In yet another instance of the military blocking ethnic proposals, the July 11-16 session of the 21st Century Panglong Conference will not include discussion of “ethnic rights,” as has been requested by NCA-signatory ethnic armed organization (EAO) representatives on the Union Peace Dialogue Joint Committee (UPDJC), due to objections by the military. When justifying the exclusion of the topic, the military representatives on the UPDJC, which oversees the 21st Century Panglong Conferences, argued that the focus should be on “citizens’ rights” instead of “ethnic rights,” since ethnic nationalities are citizens. Due to the history of systematic discrimination and oppression, it is essential to have separate discussions of ethnic rights rather than to assume that the rights of ethnic nationalities can be adequately addressed through a broad discussion of the rights of all citizens. A discussion of citizens’ rights would once again privilege the majority Burmans’ experiences and needs and not recognize the different experiences and needs of ethnic nationalities. In fact, it is the Burman domination and forced assimilation of non-Burman ethnic nationalities that is the root cause of over 60 years of civil war in Myanmar that the 21st Century Panglong Conference needs to address and resolve.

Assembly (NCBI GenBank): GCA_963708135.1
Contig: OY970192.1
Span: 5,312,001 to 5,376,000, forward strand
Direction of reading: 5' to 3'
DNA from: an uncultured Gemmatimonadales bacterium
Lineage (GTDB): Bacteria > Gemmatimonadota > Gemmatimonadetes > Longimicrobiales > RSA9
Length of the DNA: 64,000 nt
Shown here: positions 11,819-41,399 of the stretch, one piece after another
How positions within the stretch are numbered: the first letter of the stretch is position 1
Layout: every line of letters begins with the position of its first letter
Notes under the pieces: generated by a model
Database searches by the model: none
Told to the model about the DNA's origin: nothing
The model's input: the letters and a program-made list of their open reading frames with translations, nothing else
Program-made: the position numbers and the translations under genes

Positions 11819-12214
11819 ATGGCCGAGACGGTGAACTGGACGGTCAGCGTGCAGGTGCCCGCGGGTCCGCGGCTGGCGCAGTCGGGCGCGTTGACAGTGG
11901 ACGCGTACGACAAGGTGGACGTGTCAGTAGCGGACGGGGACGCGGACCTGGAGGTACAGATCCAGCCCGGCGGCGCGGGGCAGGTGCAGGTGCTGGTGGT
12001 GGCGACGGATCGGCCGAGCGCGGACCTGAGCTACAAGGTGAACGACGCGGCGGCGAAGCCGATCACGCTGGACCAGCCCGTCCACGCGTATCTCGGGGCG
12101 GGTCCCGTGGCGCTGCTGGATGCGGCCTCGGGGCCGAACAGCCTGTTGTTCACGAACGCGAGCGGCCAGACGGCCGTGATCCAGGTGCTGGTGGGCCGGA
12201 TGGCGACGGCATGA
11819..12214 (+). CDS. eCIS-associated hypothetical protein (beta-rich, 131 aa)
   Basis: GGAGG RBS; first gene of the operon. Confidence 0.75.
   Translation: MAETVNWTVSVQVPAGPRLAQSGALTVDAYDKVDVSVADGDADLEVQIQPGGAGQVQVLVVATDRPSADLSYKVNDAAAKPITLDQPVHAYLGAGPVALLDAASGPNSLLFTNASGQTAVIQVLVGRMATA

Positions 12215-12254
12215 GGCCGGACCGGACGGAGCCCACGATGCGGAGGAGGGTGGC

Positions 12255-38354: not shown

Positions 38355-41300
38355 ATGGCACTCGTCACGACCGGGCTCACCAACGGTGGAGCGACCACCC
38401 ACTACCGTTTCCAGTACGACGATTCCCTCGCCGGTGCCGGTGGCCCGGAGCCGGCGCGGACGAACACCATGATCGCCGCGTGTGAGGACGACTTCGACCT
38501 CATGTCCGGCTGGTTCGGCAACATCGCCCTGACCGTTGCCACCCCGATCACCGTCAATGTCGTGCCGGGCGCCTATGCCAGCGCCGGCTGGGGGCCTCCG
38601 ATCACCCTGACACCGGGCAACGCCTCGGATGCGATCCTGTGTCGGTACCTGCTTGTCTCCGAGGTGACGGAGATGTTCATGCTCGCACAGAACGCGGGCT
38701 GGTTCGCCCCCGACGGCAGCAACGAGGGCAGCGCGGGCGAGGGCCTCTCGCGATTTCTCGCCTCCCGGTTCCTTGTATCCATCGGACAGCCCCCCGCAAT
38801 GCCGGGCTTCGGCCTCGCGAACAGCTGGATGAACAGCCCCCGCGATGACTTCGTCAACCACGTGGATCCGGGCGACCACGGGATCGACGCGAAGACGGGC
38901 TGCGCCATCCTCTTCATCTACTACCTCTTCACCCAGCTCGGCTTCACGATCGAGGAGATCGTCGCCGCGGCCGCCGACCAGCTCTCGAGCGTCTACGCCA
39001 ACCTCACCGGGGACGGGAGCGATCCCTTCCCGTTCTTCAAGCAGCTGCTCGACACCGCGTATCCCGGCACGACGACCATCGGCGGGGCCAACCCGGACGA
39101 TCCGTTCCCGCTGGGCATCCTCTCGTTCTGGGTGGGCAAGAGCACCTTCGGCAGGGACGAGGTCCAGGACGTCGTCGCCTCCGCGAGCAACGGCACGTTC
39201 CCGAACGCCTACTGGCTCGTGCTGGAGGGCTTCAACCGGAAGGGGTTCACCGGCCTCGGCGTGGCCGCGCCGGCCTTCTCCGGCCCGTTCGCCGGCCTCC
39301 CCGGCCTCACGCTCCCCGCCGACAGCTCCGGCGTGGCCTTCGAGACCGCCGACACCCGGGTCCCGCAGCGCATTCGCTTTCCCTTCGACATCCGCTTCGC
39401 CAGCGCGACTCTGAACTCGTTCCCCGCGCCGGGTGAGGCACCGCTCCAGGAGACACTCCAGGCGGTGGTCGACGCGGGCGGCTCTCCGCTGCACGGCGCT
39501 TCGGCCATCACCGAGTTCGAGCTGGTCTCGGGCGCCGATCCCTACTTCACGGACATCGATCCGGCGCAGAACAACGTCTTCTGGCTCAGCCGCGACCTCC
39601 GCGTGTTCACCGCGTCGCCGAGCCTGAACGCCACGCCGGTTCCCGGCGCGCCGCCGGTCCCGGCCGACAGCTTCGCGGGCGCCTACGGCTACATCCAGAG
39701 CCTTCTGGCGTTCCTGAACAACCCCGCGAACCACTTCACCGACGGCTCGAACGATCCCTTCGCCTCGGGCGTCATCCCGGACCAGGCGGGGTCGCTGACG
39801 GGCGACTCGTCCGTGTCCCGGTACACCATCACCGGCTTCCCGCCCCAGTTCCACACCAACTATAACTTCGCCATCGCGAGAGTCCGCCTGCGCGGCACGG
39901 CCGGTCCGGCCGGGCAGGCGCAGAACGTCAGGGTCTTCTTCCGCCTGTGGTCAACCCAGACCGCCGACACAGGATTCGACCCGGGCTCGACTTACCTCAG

While citizens’ rights is what the military is advocating for, the very meaning of citizenship has also been used to exclude and persecute other minorities such as the Rohingya, crimes against whom have prompted the UN High Commissioner for Human Rights to call for the UN Security Council to refer Myanmar to the International Criminal Court. In fact, the belief that ethnic minorities are less worthy of existence in Myanmar has led not only to denial of citizenship and atrocities committed against the Rohingya, but to similar atrocities against other ethnic populations during the decades-long civil war.